Nicaragua is the new Costa Rica for retiring boomers. If you’re just now considering Nicaragua as a possible retirement location, you’re not the first, but time and prices are definitely still on your side.
Investing in real estate out-of-country is one of the latest trends in retirement planning. Why does it make sense to retire abroad? Depending on the country you choose, it can be very savvy to retire abroad because of the initial investment savings of the real estate and the ongoing living expenses of a developing country. That is why Nicaragua is a growing retirement market, much like Costa Rica was in the 1980s and 90s.
Most Popular Destinations
The most popular retirement spots in Nicaragua are currently San Juan del Sur, Leon, and Granada. While there are better deals to be found farther inland, most retirees are still choosing these locations, based on ease of finding real estate and the expat communities that are currently in place.
US citizens need a passport and proof of departure (or sufficient funds) to enter Nicaragua. You must purchase a $10 tourist card (purchased upon arrival) to enter the country, which grants you permission to stay for up to 90 days.
If you need to stay for longer than 90 days, you need to apply for an extension from Nicaragua Immigrations. During your initial scouting visits, the tourist “visa” will cover you, but at the point you either buy real estate or choose to stay in Nicaragua, most retirees will be covered by Nicaragua’s retirement laws.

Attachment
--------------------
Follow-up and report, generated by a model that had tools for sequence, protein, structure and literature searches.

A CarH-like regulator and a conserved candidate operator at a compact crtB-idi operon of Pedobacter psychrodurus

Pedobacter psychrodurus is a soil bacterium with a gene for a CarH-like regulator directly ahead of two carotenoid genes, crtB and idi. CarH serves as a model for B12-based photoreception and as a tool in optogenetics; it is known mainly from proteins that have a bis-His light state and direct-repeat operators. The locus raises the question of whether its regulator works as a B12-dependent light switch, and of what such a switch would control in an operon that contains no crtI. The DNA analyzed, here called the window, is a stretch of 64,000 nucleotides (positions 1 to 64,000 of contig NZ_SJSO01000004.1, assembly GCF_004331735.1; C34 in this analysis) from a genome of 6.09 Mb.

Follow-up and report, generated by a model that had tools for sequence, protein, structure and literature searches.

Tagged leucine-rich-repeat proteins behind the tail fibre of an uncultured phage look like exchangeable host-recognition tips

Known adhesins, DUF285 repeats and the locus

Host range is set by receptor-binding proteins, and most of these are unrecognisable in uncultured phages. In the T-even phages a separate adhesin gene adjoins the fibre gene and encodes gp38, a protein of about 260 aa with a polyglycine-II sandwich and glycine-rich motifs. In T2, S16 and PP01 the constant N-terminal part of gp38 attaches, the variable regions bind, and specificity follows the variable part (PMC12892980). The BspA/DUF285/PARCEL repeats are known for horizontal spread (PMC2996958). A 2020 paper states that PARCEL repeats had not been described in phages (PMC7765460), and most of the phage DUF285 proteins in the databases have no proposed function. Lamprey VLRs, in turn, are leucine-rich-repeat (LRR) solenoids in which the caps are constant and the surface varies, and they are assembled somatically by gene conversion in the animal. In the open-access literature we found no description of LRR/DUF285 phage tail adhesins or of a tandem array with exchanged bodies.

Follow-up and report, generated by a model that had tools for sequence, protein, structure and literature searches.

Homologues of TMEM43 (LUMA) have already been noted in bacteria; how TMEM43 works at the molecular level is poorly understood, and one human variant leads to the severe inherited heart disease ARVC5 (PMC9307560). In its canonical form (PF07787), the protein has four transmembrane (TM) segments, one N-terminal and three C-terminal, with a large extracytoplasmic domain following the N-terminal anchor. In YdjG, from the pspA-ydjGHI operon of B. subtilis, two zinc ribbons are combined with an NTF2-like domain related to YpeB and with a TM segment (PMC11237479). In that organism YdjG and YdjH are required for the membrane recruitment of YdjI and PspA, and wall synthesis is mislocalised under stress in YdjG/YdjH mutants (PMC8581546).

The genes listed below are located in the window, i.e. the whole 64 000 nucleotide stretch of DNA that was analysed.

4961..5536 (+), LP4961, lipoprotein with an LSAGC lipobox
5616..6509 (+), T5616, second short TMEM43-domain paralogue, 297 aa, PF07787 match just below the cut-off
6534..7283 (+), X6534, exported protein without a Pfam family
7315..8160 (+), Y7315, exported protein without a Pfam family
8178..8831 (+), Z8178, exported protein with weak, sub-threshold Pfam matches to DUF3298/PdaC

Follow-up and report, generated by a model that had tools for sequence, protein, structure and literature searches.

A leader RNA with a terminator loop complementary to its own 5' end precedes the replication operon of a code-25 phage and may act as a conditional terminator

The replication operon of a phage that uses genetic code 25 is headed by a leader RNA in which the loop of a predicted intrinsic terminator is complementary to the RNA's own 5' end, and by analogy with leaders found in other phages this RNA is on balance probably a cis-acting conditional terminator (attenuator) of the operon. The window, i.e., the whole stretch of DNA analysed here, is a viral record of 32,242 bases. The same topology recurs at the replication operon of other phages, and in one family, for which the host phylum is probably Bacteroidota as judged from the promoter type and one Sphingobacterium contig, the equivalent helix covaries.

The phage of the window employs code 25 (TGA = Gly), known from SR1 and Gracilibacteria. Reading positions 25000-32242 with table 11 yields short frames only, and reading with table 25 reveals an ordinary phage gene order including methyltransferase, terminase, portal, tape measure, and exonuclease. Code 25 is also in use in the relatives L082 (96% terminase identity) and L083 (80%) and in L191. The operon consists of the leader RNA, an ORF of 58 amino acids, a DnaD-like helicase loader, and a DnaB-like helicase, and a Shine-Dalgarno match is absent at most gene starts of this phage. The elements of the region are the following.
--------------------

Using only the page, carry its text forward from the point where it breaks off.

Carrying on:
Nicaragua Retirement Incentives
The country recently made changes to their retirement laws to encourage retirees to choose Nicaragua. The full law to research is Decree No. 628 (Law of Resident Pensioners and Retirees), but it essentially states that if you are over 45 years of age and have a monthly income of $400+, then you are allowed to buy property and live in Nicaragua full-time. You also don’t have to pay taxes on out-of-country earnings, can import up to $10,000 worth of household goods for your home, import a vehicle tax exempt.
Establishing Residency in Nicaragua
The second part of No. 628, is establishing yourself as a resident of Nicaragua. You must prove that you have a monthly income of $500+ in your country of origin, or make a real estate investment of at least $40,000.
photo from eric molina